Courses: The GoldSim Contaminant Transport Module:

Unit 2 - Using Arrays in GoldSim

Lesson 9 – Exercise: Creating and Viewing Probabilistic Vector Results

In this Lesson we will carry out an Exercise that produces probabilistic results for a vector.

Note: It is assumed here that you are familiar with probabilistic modeling in GoldSim (as discussed in Unit 11 and Unit 12 of the Basic GoldSim Course).

We are going to start with the model we built in the previous Exercise.  You should have saved that model and named it ExerciseCT1.gsm (in the “MyModels” subfolder of the “Contaminant Transport Course” folder).  Open the model now. (If you failed to save that model, you can find the Exercise, named ExerciseCT1_Vectors.gsm, in the “Exercises” subfolder of the “Contaminant Transport Course” folder you should have downloaded and unzipped to your Desktop.)

You will recall that in that model we defined the Length and Width for our fields (using vectors), and then carried out a number of calculations on those.  Delete all of the elements for the calculations except the one that computed the Area of each field, so your model should look like this:

Let’s assume that a farmer is going to irrigate each of these fields at a particular rate (in mm/day) for the next 100 days.  Each field is irrigated at a fixed rate. But for a variety of reasons (e.g., equipment issues) there is day to day random variability in the rate for each field that, based on past measurements, can be described statistically. That is, the daily variability can be described by specifying the irrigation rate for each field using a frequency distribution:

Field Irrigation Rate (mm/day)
North Truncated Normal(20 mm/day, 5 mm/day, Minimum 0 mm/day)
South Exponential(10 mm/day)
East Truncated Normal(50 mm/day, 10 mm/day, Minimum 0 mm/day)
West Exponential(12 mm/day)

That is, the North and East fields can be described using a Normal distribution (with a specified mean and standard deviation), and the South and West fields can be described using an Exponential distribution (with a specified mean). The two Normal distributions are truncated at zero because a negative rate is not physically possible (but could occur if we did not truncate the distribution).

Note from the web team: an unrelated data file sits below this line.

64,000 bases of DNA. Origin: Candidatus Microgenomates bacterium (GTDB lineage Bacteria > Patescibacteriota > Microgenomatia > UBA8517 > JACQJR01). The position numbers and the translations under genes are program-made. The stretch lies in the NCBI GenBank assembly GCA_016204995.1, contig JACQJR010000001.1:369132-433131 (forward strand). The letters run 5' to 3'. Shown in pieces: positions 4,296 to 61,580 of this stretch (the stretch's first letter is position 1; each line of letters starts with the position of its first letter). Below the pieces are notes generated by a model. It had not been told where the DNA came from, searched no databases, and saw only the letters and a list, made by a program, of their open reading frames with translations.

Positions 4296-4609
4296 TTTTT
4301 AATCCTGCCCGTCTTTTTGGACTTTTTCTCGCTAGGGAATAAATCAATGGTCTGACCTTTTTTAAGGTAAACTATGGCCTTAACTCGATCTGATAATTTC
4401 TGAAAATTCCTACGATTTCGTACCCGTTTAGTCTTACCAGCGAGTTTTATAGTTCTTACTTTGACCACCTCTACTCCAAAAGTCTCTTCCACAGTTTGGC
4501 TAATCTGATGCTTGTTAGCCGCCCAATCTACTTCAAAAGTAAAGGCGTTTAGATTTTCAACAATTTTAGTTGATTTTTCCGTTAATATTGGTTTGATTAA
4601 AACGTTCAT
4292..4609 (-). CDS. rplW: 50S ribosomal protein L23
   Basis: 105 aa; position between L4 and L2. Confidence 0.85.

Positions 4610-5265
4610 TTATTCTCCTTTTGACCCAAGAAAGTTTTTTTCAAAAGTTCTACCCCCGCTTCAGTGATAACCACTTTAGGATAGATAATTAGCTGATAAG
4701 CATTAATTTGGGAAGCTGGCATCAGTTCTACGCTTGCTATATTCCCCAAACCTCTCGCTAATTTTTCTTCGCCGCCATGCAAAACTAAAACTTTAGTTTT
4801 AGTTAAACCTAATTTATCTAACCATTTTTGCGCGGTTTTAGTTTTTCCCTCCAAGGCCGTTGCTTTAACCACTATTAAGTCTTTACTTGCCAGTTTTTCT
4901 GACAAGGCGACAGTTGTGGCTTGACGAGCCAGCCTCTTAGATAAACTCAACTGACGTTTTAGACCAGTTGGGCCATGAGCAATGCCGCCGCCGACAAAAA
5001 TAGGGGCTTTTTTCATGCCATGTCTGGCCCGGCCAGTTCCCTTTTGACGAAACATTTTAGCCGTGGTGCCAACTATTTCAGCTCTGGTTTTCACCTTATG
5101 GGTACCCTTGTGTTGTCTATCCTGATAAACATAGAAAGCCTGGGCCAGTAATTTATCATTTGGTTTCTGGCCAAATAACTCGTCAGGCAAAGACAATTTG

Note: In GoldSim, you will need to define these using Stochastic elements that are resampled every day. Resampling Stochastics is discussed Unit 12, Lesson 2 of the Basic GoldSim Course.

What we would like to do is calculate the cumulative volume of water (in m3) applied to each field over the 100-day period.  Because the inputs are stochastic, this result will be a probability distribution, so we want to display the distributions for all four fields.  To do so, let’s run the model for 100 realizations.

The first thing you will need to do is to build a vector of probability distributions for the irrigation rates.  You should do so by first creating scalar Stochastic elements representing the rate for each field, and then combining these into a vector of irrigation rates (we will talk about why this is the only way to do this below).  You should then 1) convert the irrigation rates to volumetric rates (by multiplying by the Area), and 2) use a Reservoir element to accumulate the volumetric rates to compute the total volume applied over 100 days.

 Stop now and try to build the model.

If, and only if, you get stuck, open and look at the worked out Exercise (ExerciseCT2_Probabilistic.gsm in the “Exercises” subfolder) to help you finish the model.

Let’s walk through the model now.

You may have been tempted to define the four irrigation rates using a single Stochastic element (Stochastic elements can be defined as vectors).  If you tried to do so, however, you would have discovered that it is not possible. This is why it was noted above that you should instead create four scalar elements first and then combine them.  Let’s take a minute to discuss that before we continue.